In 1973, Tales from the Crypt was followed up with a sequel The Vault of Horror. As before it features five different stories, taken from various EC works. Ironically, not a single one actually came from the Vault of Horror series.

Currently, only the Bowdlerized PG version of The Vault of Horror is available on DVD.

The Vault of Horror Synopsis (From Wikipedia):

Framing Story (Opening) - Five strangers board a descending lift, one by one, in a modern office block in London. They reach the basement, though none of them have pressed for that destination. There they find a large, elaborately furnished room which appears to be a gentlemen’s club. The lift door has closed and there are no buttons to bring it back, nor any other exit. Resigned to waiting for help, they settle down with drinks and talk. The conversation turns to dreams, and each man tells of a recurring nightmare.

Midnight Mess (Tales from the Crypt #35) – Harold (although credited as Rodgers) (Daniel Massey) tracks his sister Donna (Anna Massey— his real sister!) to a strange village and kills her to claim her inheritance. After settling down for a post-murder meal at the local restaurant, he discovers the town is home to a nest of vampires: his sister is not as dead as he thinks, and he becomes the dish of the night when his jugular vein is tapped out as a beverage dispenser.

The Neat Job (Shock SuspenStories #1) – The obsessively neat Arthur Critchit (Terry-Thomas) marries Eleanor (Glynis Johns), a young trophy wife who is not quite the domestic goddess he hoped for. His constant nagging about the mess she makes eventually drives her mad. She hits him over the head with a hammer then cuts him up, storing the pieces in neatly labeled jars – including his “odds and ends.”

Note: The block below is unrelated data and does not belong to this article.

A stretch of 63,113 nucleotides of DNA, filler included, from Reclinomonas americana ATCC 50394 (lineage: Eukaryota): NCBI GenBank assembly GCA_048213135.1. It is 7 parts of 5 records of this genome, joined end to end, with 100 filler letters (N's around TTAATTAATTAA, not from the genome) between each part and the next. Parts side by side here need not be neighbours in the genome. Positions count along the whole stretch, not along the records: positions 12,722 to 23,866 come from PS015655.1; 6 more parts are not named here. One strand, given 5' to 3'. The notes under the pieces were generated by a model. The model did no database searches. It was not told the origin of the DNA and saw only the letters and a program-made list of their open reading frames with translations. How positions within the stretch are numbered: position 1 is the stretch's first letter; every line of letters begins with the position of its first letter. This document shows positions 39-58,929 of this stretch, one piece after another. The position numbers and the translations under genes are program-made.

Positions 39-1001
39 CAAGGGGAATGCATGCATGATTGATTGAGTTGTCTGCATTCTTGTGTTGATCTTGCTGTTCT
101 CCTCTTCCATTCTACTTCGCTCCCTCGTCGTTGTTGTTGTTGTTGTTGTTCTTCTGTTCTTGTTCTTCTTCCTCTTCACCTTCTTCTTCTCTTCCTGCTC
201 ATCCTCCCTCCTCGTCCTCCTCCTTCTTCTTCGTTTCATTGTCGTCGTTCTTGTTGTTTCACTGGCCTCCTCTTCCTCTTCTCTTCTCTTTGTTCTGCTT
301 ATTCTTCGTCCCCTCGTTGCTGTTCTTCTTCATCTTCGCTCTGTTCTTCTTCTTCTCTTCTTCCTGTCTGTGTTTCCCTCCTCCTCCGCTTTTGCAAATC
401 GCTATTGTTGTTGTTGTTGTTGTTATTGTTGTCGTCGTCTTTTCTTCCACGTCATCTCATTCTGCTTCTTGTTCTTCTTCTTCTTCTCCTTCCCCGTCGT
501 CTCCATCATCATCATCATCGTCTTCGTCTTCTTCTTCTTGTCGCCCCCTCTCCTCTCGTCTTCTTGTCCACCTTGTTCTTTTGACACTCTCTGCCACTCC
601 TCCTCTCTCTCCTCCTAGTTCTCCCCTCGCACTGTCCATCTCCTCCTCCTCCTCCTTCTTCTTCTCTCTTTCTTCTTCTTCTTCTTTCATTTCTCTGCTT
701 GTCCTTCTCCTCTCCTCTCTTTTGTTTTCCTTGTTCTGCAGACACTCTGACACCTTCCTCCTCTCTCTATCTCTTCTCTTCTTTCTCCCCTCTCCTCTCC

This Trick'll Kill You (Tales from the Crypt #33) – Sebastian (Curt Jurgens) is a magician on a working holiday in India, where he and his wife are searching for new tricks. Nothing impresses until he sees a girl charming a rope out of a basket with a flute. Unable to work out how the trick is done, he persuades her to come to his hotel room, where he and his wife (Dawn Addams) murder her and steal the enchanted rope. Sebastian plays the flute, and the rope rises; his wife climbs it, only to disappear with a scream. An ominous patch of blood appears on the ceiling, and the rope coils round Sebastian's neck and hangs him. Their victim reappears alive in the bazaar.

Bargain in Death (Tales from the Crypt #28) – Maitland (Michael Craig) is buried alive as part of an insurance scam concocted with his friend Alex (Edward Judd). Alex double-crosses Maitland, leaving him to suffocate. Two trainee doctors (Robin Nedwell and Geoffrey Davies) who live in the same boarding house as Maitland bribe a gravedigger (Arthur Mullard) to dig up his body to help with their studies. When Maitland's coffin is opened, he jumps up gasping for air, causing the doctors to run out into the middle of the road in front of Alex's car, which crashes. The gravedigger kills Maitland and when trying to close the sale of the corpse apologizes to the doctors for the damage to the head.

Drawn and Quartered (Tales from the Crypt #26) – Moore (Tom Baker) is an impoverished painter living on Haiti. When he learns that his work has been sold for high prices by dealers and critics who told him that it was worthless, he goes to a voodoo priest and his painting hand is given voodoo power; whatever he paints or draws can be harmed by damaging its image. Returning to London, Moore paints portraits of the three men who cheated him, and mutilates them to exact his revenge. However, he has previously painted his own self-portrait, and he must protect it to prevent himself being harmed.